Archive for May, 2016
Syfy made the Krypton pilot green light official today, and gave a few more details on the upcoming production, the much-anticipated Superman prequel set two generations before the destruction of the legendary Man of Steel’s home planet. Krypton will follow Superman’s grandfather — whose House of El was ostracized and shamed — as he fights to redeem his family’s honor and save his beloved world from chaos.
Krypton will be executive produced by David S. Goyer (Man of Steel, Batman v Superman: Dawn of Justice, The Dark Knight trilogy) through his Phantom Four banner. Damian Kindler (Sleepy Hollow) will serve as executive producer/showrunner; Colm McCarthy (She Who Brings Gifts, Peaky Blinders) is set to direct and co-executive produce the pilot. The pilot teleplay and story is written by David S. Goyer & Ian Goldberg (Once Upon a Time, Terminator: The Sarah Connor Chronicles). Krypton will be produced by Warner Horizon Television and is based on characters created by Jerry Siegel and Joe Shuster, published by DC Comics.
“Krypton is one of the most iconic stories in the comic book universe,” said Bill McGoldrick, Executive Vice President, Scripted Content, NBCUniversal Cable Entertainment. “In the talented hands of David S. Goyer and the DC Entertainment/Warner Horizon Television team, this exciting Syfy project will take viewers back to Superman’s home to show how the timeless legend began.”
CBS has still been tight-lipped on the fate of Supergirl, and that could be due to negotiations between the network and the studio to reduce the costs of the show.
Deadline reports a new possibility from the various scenarios we’ve been hearing this week that production could actually move from Los Angeles to Vancouver as a cost-cutting measure – partly spurred by the denial of tax credits for the production from the California Film Commission.A move to Vancouver would also bring the show to the same area as Greg Berlanti’s two other DC Universe shows, Arrow and The Flash, the latter of which already did a crossover to Supergirl.
If CBS ultimately doesn’t bite, there are apparently various outlets that might take the show on. Our money is on it joining its cousins on the CW, which is co-owned between VBS and Warner Bros, which could lessen license fees. However, the budget in general for the show is probably too high for the CW to take as-is, and additional cost cutting might be needed, as it would also be likely for any other outlet beyond the Big Four networks. That would likely mean production cuts – which would likely be most scene in some loss of the cast.
It still remains to be scene where we go from here. We are still pretty confident that Supergirl will go on…somewhere.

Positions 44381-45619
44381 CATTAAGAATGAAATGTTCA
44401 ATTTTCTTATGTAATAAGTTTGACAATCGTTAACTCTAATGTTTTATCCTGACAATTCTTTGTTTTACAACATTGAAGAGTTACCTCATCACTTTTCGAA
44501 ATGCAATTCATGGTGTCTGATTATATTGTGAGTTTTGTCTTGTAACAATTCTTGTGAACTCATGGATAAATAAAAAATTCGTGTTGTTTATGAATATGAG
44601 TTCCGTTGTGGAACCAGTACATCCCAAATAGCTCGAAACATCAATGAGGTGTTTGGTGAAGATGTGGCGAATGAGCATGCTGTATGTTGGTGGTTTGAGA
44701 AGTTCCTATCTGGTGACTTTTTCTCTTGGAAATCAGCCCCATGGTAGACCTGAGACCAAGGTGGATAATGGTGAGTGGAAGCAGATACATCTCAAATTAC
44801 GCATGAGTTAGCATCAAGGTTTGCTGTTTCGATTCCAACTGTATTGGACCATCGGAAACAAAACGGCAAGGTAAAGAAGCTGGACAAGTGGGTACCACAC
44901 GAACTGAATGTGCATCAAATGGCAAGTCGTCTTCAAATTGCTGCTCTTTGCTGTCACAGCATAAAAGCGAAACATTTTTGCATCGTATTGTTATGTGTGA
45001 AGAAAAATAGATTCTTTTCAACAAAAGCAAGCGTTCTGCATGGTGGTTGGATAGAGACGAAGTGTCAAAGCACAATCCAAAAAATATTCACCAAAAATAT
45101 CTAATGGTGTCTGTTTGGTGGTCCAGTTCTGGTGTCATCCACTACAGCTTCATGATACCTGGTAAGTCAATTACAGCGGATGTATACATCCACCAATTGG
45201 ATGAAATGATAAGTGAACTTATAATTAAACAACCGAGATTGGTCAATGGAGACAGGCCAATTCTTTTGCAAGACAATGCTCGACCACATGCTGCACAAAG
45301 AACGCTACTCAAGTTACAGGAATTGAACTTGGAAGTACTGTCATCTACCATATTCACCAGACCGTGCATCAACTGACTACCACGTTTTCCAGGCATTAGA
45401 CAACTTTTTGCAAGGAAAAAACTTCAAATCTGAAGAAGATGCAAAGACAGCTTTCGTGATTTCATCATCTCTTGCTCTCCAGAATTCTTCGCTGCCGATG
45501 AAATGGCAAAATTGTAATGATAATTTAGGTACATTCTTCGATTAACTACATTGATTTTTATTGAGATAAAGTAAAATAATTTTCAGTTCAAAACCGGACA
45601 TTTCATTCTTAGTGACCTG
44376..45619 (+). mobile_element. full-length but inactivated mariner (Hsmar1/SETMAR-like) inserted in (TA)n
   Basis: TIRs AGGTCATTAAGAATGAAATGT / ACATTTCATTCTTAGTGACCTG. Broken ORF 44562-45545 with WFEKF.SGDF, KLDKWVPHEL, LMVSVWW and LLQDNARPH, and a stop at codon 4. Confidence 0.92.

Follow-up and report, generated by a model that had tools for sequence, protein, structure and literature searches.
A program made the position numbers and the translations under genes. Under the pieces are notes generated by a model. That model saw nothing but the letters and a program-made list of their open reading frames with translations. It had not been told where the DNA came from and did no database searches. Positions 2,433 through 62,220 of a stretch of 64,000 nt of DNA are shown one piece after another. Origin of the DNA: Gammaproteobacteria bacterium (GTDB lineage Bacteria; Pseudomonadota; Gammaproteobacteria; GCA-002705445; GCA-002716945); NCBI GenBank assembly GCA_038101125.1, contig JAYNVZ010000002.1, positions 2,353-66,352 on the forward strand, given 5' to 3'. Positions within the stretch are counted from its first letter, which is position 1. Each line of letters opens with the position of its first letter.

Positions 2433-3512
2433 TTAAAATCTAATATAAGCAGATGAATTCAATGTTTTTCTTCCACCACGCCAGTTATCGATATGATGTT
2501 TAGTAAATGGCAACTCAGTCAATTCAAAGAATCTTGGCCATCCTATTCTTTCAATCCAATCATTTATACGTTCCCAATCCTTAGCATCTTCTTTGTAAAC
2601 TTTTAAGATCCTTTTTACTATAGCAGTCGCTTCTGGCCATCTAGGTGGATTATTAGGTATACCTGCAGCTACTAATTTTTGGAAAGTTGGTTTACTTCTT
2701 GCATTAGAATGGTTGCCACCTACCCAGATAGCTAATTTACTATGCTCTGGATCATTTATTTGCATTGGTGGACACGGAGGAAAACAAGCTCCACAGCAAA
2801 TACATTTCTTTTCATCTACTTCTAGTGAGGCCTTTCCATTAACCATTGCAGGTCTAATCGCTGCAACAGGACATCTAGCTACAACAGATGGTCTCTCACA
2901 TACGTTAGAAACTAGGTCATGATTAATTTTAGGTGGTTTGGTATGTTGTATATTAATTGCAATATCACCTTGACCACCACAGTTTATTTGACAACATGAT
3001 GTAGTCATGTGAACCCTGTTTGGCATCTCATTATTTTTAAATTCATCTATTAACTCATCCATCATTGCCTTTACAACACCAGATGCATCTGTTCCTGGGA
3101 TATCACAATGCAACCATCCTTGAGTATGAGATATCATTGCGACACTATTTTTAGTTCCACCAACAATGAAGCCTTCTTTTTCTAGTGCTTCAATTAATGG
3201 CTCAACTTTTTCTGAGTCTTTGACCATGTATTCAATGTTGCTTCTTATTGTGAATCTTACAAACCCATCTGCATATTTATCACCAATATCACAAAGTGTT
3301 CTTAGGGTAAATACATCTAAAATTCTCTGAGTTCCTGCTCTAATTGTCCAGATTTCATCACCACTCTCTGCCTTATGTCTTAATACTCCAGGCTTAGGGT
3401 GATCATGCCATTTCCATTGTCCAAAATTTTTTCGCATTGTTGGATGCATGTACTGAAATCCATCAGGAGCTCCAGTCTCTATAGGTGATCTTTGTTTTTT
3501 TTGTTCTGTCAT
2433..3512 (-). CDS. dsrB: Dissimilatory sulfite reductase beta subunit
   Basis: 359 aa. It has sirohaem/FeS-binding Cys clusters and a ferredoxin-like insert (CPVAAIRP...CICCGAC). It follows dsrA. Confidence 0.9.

Hail Ceasar! star Alden Ehrenreich is in negotiations to play the young Han Solo for the upcoming untitled Star Wars anthology film, which will deal with the scoundrel smuggler’s adventures before the events of A New Hope, although an exact plot is unknown. The film is still in pre-production, with the directing duo of Phil Lord and Christopher Miller (The LEGO Movie).
The movie is currently scheduled for a May 25th, 2018 release.
Haven‘s Eric Balfour and Fargo series executive producer Warren Littlefield are teaming up to develop a series based on the 2013 novel These Broken Stars from Amie Kaufman and Meagan Spooner (the first book of the Spellbound trilogy). And it’s already received interest from Freeform (formerly ABC Family) and Sky TV. Continuum creator Simon Barry will pen the adaptation, being set up at MGM TV.
Also joining the production are Stephanie Varella (Inland Empire), Ann Johnson and Martin Berneman.
These Broken Stars follows what happens to the luxury starliner Icarus when it is abruptly ripped from hyperspace and crash lands on a planet, with two survivors: Lilac LaRoux, the daughter of the richest man in the universe, and Tarver Merendsen, who came from nothing but became a young war hero who learned long ago that girls like Lilac are more trouble than they’re worth. But with only each other to rely on, Lilac and Tarver must work together, making a tortuous journey across the eerie, deserted terrain to seek help.
As NBCUniversal continues to consolidate management among its cable properties, two more senior vice presidents have elected to leave. Paul Shapiro, SVP Original Content and Erik Storey, SVP Original Programming, have both left after Bill McGoldrick, now the Executive Vice President for Scripted Content across Syfy, USA, Bravo and E!, announced his management team last week, mainly consisting of people McGoldrick worked with at USA before he came to Syfy in 2014.
Shapiro, who was in charge of scripted programming development, had been with Syfy for 12 years, while Storey, who managed current scripted programs, was a 15 year veteran of the network. With the exception of Syfy President Dave Howe, most of the executive team has changed in the years I’ve known them.
If you were looking forwarded to seeing the third installment of The Maze Runner next February, you might need to wait a little longer.
Production on the movie was suspended back on March 28th when star Dylan O’Brien suffered an injury on the set. The injury was never specified, but it is believe that he fell off the back of a set piece and injured his cheekbone or orbital socket. It was hoped that a little time off would help and production would pick up in a couple weeks again, but Fox has now said that production is on hold indefinitely. “The resumption of principal photography on Maze Runner: The Death Cure has been further delayed to allow Dylan O’Brien more time to fully recover from his injuries,” according to 20th Century Fox’s statement. “We wish Dylan a speedy recovery and look forward to restarting production as soon as possible.”
Fox has not yet said anything about the release date (currently February 17th), but the longer it takes O’Brien to recover, the less likely they will meet that date.